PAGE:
Britain and Israel share a common interest—the common threat posed by Hezbollah. Not only does Hezbollah target Israelis and Jews across the world, from Argentina to north Africa, but it provides Shi’a militias in Iraq with weaponry and training in terrorist tactics to kill British soldiers. With representation in 40 countries, Hezbollah has the capability to prepare attacks against western interests.

I am still struggling a little with the hon. Gentleman’s definition of terrorism. I am sure that hon. Members on both sides of the House abhor the targeting of innocent civilians from wherever it comes. However, in answer to the hon. Member for Reigate (Mr. Blunt), he seemed to draw a distinction between the targeting of innocent civilians by what he called Palestinian terrorists and the killing of British regular soldiers in the King David hotel—although I am sure he does not approve of the latter. Would he also draw a distinction between the targeting of Israeli civilians by Palestinian fighters and the targeting of Israeli troops?

In answer to my hon. Friend the Member for Reigate, I said that all terrorism is wrong. However, my hon. Friend was trying to imply a similarity between the dreadful attack on the King David hotel, when advance warning to evacuate the hotel was ignored, and attacks such as that on Mike’s restaurant and discotheque in Tel Aviv, when no advance warning was given. All terrorism is wrong; the hon. Gentleman is absolutely right.

Moreover, there is evidence that Hezbollah is facilitating al-Qaeda’s plans to attack Israel. On 27 December 2005, al-Qaeda claimed responsibility for firing Katyusha rockets into northern Israel from southern Lebanon, a feat impossible without the knowledge and permission of Hezbollah. We in Britain must not stand idly by while Iran arms and finances some of the most dangerous international terrorist organisations. Yet Hezbollah in its entirety does not feature on the British or European Union list of proscribed terrorist organisations. The European Union is lagging behind the United Nations Security Council, which, in June 2005, condemned Hezbollah’s attacks on Israel and reiterated demands, under UN Security Council resolution 1559, that the organisation be disarmed and that Lebanon exercise sovereignty over its border with Israel.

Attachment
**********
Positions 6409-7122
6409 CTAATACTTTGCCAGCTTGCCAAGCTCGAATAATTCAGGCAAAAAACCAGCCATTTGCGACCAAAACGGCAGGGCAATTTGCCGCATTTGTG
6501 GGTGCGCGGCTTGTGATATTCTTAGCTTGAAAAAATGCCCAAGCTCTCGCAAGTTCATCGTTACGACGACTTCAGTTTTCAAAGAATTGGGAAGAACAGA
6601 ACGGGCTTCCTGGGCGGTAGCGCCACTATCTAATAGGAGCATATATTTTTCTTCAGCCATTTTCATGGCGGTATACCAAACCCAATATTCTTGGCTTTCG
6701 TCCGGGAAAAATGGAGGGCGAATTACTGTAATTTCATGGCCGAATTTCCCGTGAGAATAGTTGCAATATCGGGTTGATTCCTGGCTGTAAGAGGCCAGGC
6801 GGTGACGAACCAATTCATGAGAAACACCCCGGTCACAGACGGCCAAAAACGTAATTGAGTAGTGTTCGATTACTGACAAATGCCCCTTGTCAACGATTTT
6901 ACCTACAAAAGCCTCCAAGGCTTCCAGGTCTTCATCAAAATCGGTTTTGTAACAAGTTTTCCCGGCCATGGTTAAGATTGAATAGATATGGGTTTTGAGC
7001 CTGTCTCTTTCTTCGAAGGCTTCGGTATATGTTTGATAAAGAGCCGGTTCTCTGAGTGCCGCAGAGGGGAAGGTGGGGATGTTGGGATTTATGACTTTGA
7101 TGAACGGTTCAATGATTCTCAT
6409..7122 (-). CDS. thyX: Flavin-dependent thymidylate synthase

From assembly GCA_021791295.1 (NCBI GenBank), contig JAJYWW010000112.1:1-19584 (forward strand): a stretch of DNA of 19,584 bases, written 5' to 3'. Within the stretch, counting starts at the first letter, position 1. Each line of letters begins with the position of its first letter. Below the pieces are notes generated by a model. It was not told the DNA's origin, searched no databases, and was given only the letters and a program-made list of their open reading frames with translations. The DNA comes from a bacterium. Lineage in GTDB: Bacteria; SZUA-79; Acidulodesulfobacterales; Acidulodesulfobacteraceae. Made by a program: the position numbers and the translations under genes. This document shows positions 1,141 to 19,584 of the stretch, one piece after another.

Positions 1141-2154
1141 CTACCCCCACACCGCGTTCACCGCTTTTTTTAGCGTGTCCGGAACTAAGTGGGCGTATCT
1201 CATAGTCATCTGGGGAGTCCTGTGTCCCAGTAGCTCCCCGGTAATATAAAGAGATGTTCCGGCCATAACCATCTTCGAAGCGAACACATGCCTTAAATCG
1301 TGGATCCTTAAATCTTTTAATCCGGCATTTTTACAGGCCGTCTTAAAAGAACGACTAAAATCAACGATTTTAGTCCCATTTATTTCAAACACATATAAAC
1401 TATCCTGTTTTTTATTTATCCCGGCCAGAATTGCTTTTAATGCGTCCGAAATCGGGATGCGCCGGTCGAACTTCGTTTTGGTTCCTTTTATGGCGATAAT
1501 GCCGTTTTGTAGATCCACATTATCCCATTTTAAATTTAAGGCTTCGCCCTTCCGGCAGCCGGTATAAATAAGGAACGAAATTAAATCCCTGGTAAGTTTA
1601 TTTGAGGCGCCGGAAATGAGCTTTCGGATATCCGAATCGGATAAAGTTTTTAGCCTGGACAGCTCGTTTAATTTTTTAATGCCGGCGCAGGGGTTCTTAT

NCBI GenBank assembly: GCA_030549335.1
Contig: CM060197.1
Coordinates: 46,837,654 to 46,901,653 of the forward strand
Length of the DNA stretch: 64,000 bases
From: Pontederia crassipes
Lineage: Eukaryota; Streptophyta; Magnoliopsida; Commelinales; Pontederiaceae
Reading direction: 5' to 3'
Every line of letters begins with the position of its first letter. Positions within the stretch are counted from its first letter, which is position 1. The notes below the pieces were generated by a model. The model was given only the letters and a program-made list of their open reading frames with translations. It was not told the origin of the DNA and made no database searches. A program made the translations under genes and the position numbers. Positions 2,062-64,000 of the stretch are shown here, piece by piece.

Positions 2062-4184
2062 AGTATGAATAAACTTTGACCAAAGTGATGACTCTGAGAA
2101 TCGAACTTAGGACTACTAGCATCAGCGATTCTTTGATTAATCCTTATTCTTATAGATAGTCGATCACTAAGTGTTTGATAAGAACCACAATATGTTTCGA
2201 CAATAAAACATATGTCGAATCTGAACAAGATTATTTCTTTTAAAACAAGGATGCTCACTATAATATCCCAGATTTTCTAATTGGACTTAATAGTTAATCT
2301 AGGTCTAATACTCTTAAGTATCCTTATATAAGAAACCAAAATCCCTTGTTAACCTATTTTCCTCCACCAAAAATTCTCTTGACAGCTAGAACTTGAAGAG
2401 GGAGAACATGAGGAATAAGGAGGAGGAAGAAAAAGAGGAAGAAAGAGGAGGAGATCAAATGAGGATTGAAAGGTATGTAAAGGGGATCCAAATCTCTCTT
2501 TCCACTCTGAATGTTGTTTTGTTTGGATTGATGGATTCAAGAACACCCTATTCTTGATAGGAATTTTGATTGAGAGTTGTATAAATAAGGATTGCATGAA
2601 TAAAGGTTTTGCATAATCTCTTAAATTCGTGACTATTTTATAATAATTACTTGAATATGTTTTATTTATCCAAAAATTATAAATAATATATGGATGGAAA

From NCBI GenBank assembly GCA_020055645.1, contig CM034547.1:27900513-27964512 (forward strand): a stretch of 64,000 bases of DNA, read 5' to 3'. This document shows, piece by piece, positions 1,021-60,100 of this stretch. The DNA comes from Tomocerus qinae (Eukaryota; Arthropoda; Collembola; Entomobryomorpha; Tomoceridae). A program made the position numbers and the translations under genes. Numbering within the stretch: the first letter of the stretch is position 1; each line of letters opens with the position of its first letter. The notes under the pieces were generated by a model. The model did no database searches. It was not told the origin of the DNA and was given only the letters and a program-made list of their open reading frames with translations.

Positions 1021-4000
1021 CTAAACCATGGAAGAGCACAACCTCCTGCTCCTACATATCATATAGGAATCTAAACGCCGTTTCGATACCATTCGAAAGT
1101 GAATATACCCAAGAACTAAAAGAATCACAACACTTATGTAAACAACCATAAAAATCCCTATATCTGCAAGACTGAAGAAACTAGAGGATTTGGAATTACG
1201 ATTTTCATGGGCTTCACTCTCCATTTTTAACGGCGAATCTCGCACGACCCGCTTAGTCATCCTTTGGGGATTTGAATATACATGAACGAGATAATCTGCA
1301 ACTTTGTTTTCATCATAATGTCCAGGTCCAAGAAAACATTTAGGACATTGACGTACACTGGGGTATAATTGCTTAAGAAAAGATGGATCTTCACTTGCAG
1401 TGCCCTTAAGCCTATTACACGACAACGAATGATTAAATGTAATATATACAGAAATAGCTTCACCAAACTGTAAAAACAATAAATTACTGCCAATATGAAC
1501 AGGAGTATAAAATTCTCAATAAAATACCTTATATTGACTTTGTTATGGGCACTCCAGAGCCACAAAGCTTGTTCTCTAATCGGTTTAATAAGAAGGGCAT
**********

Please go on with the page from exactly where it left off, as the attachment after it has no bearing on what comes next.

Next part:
If the Government are taking the fight against terrorism seriously, why are they not doing more to force Hezbollah on to the EU list of terror organisations, and to prevent the raising of funds to perpetrate acts of terrorism against British and Israeli targets?

I congratulate my hon. Friend on securing this debate. On Hezbollah, is he aware of the view held by some academics that, in the event of the relationship between Iran and the west deteriorating—particularly if there is the prospect of a military intervention—one of the methods that the Iranian regime would very probably use against the west would be terrorism through Hezbollah? For the west, the threat of terrorists from Hezbollah is very real.